St. Louis Zoo drops out of running for Grant's Farm
ST. LOUIS -- The St. Louis Zoo Association said Friday it is dropping the offer to buy Grant's Farm in south St. Louis County, citing a survey that showed most people prefer to keep the popular attraction in the family that founded Anheuser-Busch.
The zoo association also cited concerns about litigation, since one of August Busch's six children, William K. "Billy" Busch, is fighting to keep the property.
Anheuser-Busch InBev, formed when InBev purchased the brewery in 2008, leases Grant's Farm from the Busch family. The zoo association said it was approached in 2013 by Busch family members about buying Grant's Farm for about $30 million. Anheuser-Busch InBev would have donated most of the purchase money.
Zoo leaders wanted to use it for a third campus and breeding site for endangered animals.
Grant's Farm has drawn 25 million guests since it opened in 1954. It includes some 900 animals -- ranging from exotic birds to camels, kangaroos and elephants -- and is home to some of the Anheuser-Busch Clydesdales. It is named for Civil War general and former president Ulysses S. Grant, who originally worked a portion of the land.
Four of August Busch's six children wanted to sell to the zoo. Billy Busch, who also is founder of Kraftig beer, wants to keep the property in the family, and has the support of one brother. A court hearing is scheduled for March 28.
"We appreciate the Zoo's position in this matter, and are confident we will be able to collaborate in the future to help Grant's Farm and our world-class St. Louis Zoo to continue serving everyone in the greater St. Louis region and beyond," Billy Busch said in a statement.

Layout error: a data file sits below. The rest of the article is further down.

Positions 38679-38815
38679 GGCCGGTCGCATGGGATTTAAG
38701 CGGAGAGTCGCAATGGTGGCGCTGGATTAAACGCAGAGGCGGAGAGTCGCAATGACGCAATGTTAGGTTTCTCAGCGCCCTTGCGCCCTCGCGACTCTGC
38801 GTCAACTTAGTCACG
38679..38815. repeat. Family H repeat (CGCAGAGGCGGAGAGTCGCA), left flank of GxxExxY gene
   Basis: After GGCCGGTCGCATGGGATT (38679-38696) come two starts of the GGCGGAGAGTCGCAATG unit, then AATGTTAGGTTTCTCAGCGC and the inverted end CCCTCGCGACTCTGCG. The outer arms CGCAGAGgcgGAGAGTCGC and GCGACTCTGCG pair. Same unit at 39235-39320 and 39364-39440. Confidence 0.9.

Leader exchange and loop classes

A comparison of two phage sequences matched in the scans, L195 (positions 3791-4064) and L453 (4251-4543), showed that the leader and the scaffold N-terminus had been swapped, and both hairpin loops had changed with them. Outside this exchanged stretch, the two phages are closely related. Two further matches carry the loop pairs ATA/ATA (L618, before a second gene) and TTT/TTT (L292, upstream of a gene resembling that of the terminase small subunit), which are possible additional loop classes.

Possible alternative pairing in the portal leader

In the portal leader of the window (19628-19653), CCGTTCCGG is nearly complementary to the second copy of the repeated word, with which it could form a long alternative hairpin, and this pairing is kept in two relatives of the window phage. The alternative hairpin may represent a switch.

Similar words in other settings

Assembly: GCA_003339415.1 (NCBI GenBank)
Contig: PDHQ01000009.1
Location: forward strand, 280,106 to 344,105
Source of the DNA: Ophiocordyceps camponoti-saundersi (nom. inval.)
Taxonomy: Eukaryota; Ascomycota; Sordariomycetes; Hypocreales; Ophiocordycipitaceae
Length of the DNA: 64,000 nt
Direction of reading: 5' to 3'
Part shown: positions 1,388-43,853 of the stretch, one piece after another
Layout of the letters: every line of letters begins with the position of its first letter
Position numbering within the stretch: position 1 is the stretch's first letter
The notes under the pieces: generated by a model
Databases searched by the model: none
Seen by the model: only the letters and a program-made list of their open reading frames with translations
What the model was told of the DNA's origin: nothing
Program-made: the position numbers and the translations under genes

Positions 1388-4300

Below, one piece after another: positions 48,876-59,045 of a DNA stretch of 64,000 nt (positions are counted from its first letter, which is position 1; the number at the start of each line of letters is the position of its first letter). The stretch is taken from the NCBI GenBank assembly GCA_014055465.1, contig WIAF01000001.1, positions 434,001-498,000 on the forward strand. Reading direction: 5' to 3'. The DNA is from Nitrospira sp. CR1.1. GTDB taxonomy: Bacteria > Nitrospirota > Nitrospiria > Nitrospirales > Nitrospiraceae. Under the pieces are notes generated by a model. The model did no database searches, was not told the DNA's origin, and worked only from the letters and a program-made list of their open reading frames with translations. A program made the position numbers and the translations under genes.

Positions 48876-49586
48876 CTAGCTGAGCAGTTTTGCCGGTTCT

On Wednesday, Busch announced details of his plan to revitalize Grant's Farm. The plan included adding a new pavilion, exhibits and life-sized bronze statues of his parents, as well as opening it year-round. His plan also would move his fast-growing beer company from the St. Louis suburb of Brentwood.
The zoo association's president, Matthew W. Geekie, said the association conducted a survey to see how people felt about whether the zoo should buy Grant's Farm.
"The response was loud and clear: the people of our region love the Saint Louis Zoo Association but they would prefer Grant's Farm stay in the Busch family and that the Zoo focus on ensuring that it remains an affordable, top quality attraction," Geekie said in a statement.
He also cited the prospect of "protracted litigation."
"We do not want to be a party to causing a split within the Busch family, and we strongly believe we need consensus from that family to move forward with any plans for Grant's Farm," Geekie said.